“Taxpayers should not be in a position where penalties are paid merely because it is less costly to do so than to expend the resources to contest them,” the report stated.
It also found a wide range of problem areas in the use of penalties and their impact on both taxpayers and professional preparers. These were as follows:
*Penalties that do not articulate clear standards of behavior;
*Penalties that are overbroad, deter remedial and other good conduct, and punish innocent conduct;
*An unwelcome trend toward strict liability;
*Provisions that do not provide basic procedural due process
*Penalty standards that are not consistent with the role of tax professionals.
The report cited a number of areas of shortcomings in penalty administration, calling for greater coordination and oversight of penalty administration and in particular called for the Internal Revenue Service to study its structure. It also found that the penalty administration system has developed biases in favor of asserting penalties
“In addition, the IRS should evaluate whether the Servicewide Penalties Group is the best office to have overall responsibility for penalty administration and if so, whether the placement of that office within the IRS organizational structure is optimal to allow that office to perform its mission, including evaluating and coordinating penalty administration throughout the major Operating Divisions,”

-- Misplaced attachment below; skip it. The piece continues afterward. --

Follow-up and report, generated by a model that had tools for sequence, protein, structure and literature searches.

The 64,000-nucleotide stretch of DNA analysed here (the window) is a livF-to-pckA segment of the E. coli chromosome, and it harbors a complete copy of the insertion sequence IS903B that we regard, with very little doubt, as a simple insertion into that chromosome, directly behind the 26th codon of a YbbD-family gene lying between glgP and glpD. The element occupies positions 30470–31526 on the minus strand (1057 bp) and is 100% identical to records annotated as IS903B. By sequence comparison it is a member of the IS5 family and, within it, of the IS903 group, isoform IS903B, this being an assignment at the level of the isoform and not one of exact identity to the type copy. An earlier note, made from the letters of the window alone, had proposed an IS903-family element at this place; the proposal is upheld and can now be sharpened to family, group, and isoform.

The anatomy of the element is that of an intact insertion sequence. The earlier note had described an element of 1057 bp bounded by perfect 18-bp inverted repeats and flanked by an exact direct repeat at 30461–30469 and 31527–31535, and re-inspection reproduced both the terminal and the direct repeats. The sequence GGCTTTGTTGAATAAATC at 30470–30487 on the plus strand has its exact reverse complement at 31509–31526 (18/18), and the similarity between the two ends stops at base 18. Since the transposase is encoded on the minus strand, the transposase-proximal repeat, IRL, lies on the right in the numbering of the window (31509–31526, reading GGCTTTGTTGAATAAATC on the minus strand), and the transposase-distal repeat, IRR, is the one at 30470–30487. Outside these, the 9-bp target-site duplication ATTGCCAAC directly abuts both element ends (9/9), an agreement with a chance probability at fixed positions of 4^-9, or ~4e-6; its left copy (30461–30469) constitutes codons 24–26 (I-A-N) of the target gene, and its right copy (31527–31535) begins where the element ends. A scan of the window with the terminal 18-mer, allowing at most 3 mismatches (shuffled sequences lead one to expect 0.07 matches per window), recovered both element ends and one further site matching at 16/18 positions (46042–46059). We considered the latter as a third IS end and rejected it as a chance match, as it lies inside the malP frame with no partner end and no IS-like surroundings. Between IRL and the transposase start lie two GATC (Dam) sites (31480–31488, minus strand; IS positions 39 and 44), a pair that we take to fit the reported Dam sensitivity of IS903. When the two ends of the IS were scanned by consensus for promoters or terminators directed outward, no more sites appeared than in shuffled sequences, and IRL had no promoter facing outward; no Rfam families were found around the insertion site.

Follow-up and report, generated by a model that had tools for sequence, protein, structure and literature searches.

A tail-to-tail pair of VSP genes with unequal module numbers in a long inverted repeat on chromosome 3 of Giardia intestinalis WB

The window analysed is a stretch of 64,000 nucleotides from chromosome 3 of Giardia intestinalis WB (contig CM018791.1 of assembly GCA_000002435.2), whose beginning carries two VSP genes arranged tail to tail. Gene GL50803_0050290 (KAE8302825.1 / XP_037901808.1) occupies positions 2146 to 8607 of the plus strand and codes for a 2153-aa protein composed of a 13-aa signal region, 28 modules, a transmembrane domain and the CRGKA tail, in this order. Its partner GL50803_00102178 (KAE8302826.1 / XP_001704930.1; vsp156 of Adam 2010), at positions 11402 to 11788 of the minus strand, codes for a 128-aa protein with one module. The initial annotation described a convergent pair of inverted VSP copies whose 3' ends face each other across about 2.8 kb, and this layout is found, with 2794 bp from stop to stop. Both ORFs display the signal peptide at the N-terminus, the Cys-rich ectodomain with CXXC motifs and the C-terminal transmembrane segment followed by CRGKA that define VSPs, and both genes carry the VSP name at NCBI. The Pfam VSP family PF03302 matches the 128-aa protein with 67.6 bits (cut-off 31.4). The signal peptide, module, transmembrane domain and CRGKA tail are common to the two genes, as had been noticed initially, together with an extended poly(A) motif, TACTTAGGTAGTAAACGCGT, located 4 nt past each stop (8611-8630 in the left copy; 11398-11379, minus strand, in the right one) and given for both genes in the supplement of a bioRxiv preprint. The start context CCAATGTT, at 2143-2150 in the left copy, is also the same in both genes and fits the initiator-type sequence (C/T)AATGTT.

The report noted the existence of policies that decrease the ability of IRS agents to exercise discretion, and concluded these create an unfair bias in favor of the assertion of penalties that undermine the appearance of impartiality. These include penalties that prohibit a decrease in penalties in exchange for an increase in tax or assessment of penalties in exchange for a reduction of tax. Other policies, the report continued, require separate consideration of certain penalties (e.g., accuracy-related penalties) and written justification when these penalties are not asserted.
Better IRS guidance and training were also called for, including equal emphasis on training IRS personnel not to use penalties as a lever and on skills for dealing effective with taxpayers and taxpayers’ representatives. The tax force cited the use of section 6694 and 6676 penalties. The tax force stated that many field employees do not understand rules in applying 6694 or how to protect the preparer’s 6103 information from the taxpayer. The reported also cited the application of the section 6676 penalty “as another example of a new provision where sufficient training has not been provided, resulting in inappropriate assertion of the penalty in the field.”
In terms of education, the committee also called for the IRS to "help taxpayers and tax professionals understand penalties and related procedural rights, such as appeal rights and the ability to go to the Taxpayer Advocate for assistance. The IRS should issue clear, concise, and timely guidance when there are changes in laws or policies that impact penalties." .